Lee: I’d have to say that the first three books about Rhenn came about in the way they did as a combination of autobiographical factors and an underlying philosophy/concern of mine, in that I’m not much of a believer in “destiny from birth.” That’s because my own life, and the lives of many other people I’ve known, took radically different paths from what anyone could have predicted. When I was truly a young adult, I very much wanted to be painter and a poet. I even had a painting place in a small scholastic art competition, but the plain fact is that while I have excellent gross motor control, my fine motor control is a bit shaky, perhaps from a mild case of polio as a child, and I realized that my artistic conceptions were far beyond my physical capabilities. Then there was the fact that when I graduated from college, my family-endorsed semi-career plan, similar in a way to what Rhenn’s family planned for him, to go to law school and join my father’s law firm, ran into an immediate and absolute roadblock. There was a war in Vietnam in progress, and rather than let the government decide my fate, I went through Navy OCS and emerged a very green ensign, assigned to small amphibious craft, a duty I detested so much that I volunteered for flight training in the middle of a war, a rash decision definitely not calculated to maximize survival. In short, I never got back to the “family plan” because my Navy experience as a search and rescue pilot made me realize several things, but especially that I didn’t want to be a lawyer. Yet later on, ironically, in my nearly twenty years in Washington, virtually all the political and consulting jobs I held were the type of positions usually held by lawyers. That might be one reason why I’m a great believer in irony.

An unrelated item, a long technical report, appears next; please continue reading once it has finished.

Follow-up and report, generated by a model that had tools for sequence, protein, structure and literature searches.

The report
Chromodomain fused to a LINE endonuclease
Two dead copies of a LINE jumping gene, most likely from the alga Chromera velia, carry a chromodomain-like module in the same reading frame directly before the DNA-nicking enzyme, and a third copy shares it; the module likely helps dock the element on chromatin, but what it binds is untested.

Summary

All of those experiences also conveyed to me the fact that no sane person ever sets out to be a hero, but that some people do amazing deeds, when required by their place in life and their background. There’s definitely some of me in each of the main protagonists in the Imager Portfolio. So… the summary of this long answer is that the structure was planned, but heavily influenced by autobiographical experiences of various sorts.
Marlene: Now that I’ve finished Assassin’s Price, I’m waiting breathlessly for the next one. Any idea what it and it’s title will be? And when?
Lee: I’m currently working on the sequel to Assassin’s Price, which also features Charyn, but since I’m only about halfway through, I’m not ready to say much yet, but that means, if I finish on schedule, it won’t be available until late in 2018 or sometime in 2019. And so far I haven’t settled on a title. In the meantime, there are two new Recluce books on the way, The Mongrel Mage, coming out this October, and its immediate sequel, Outcasts of Order, scheduled for release next June.
~~~~~~ GIVEAWAY ~~~~~~
I absolutely adore this series, so I am very happy indeed that, thanks to Tor Books, I am able to give away one copy of Assassin’s Price to a lucky US/Canadian commenter.